“Overhang mandates,” overhang seats. Unusual parliamentary seats resulting from Germany’s two-vote election system. With their first vote, burghers choose a candidate. With their second vote, a political party. If a party has more direct candidates elected in a district than the seats they would have won by percentage, the party can still retain the directly elected excess candidates as Überhangmandate.
According to ZDF heute journal reporting on 25 July 2012, after Angela Merkel’s government’s recent electoral reforms there were an unprecedented 24 overhang seats in the subsequent election, a new record, and all belonged to Angela Merkel’s ruling party CDU/CSU. The Federal Constitutional Court has now declared the recent reforms imperfect and in need of revision, during which there will presumably be substantially more debate and resistance from the opposition, who now say these reforms were in fact rather inconsistent and hastily pushed through the legislative process.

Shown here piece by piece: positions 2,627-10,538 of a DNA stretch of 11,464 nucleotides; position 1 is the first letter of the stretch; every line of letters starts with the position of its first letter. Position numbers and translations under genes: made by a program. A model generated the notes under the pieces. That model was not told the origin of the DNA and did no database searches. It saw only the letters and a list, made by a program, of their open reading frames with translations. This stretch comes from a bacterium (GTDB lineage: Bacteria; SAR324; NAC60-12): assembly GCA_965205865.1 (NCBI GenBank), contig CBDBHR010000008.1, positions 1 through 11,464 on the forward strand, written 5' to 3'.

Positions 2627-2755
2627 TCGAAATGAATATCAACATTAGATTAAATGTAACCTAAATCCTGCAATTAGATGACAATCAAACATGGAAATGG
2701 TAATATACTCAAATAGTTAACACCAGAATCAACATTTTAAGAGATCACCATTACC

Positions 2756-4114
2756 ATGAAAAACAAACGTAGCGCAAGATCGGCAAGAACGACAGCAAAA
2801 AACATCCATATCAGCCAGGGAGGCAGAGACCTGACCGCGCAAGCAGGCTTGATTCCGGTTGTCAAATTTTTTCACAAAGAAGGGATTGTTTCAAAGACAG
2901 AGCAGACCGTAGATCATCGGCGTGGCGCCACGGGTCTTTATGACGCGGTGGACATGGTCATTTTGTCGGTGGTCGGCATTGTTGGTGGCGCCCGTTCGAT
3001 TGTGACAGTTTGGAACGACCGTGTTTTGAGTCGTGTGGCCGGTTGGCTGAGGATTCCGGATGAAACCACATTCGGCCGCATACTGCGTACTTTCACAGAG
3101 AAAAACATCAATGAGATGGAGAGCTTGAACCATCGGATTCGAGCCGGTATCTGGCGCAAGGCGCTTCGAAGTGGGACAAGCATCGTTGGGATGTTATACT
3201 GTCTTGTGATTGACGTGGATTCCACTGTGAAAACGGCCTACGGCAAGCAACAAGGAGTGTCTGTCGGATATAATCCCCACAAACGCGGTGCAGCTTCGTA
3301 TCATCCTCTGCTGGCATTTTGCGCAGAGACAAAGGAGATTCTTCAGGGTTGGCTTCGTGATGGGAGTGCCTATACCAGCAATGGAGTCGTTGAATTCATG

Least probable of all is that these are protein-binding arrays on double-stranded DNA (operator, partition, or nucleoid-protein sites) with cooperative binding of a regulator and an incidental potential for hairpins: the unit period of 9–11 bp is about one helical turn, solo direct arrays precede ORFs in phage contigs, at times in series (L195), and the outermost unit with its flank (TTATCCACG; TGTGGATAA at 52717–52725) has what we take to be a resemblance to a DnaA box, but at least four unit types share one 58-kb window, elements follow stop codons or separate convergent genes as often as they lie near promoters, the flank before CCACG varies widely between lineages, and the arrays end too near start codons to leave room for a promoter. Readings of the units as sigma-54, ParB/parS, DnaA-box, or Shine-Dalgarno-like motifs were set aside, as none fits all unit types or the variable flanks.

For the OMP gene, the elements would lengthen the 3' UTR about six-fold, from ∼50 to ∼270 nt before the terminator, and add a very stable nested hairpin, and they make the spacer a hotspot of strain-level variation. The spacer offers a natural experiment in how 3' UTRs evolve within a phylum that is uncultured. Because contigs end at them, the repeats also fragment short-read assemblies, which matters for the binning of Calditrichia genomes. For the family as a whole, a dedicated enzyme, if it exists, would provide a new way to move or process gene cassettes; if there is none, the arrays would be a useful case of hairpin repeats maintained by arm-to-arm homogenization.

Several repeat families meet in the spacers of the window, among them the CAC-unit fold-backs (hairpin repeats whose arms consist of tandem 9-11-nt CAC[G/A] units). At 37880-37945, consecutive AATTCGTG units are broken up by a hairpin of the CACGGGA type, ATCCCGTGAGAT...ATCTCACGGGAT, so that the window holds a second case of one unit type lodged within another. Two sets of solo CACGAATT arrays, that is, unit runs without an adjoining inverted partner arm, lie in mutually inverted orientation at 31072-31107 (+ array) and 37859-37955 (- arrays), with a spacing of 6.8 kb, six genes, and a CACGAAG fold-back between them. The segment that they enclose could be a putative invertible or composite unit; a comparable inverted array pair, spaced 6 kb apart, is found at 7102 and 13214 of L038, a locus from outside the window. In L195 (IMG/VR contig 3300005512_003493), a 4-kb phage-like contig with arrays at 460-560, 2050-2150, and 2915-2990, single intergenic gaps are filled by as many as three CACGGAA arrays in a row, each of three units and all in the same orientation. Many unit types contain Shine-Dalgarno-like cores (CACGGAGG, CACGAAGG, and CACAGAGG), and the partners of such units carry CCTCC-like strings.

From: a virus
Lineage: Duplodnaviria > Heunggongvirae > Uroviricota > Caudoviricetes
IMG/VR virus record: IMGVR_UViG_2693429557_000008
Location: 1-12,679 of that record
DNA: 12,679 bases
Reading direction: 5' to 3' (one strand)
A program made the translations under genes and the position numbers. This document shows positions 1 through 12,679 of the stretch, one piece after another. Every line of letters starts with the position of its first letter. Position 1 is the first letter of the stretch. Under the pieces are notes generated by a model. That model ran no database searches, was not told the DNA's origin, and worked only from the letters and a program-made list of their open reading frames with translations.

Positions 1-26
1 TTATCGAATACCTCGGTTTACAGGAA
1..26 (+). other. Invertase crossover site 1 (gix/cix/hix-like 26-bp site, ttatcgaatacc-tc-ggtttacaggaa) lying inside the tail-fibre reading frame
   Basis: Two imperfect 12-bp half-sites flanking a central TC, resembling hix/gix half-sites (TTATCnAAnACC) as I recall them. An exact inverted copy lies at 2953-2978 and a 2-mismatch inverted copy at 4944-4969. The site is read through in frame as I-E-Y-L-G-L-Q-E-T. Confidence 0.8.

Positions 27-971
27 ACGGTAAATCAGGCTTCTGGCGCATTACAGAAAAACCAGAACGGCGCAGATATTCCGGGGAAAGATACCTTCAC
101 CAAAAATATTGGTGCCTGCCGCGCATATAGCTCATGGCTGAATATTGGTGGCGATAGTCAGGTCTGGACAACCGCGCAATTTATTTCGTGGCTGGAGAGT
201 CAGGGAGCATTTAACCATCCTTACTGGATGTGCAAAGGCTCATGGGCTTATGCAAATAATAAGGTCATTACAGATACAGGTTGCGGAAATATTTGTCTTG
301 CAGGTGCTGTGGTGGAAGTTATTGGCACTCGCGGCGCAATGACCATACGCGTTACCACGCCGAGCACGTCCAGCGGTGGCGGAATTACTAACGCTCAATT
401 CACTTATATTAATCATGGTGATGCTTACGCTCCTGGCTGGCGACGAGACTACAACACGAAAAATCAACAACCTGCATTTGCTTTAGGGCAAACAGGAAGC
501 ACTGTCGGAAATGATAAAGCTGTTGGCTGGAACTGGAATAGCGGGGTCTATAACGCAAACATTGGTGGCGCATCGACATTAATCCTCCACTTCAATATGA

In future, the Constitutional Court said, a maximum of only 15 overhang seats will be permissible.
Update on 21 Feb 2013: The Bundestag reached an agreement on the new election rules. Überhangmandat seats will be canceled out by Ausgleichsmandat, compensation mandate, seats.
(OO ber hong mon DOT eh.)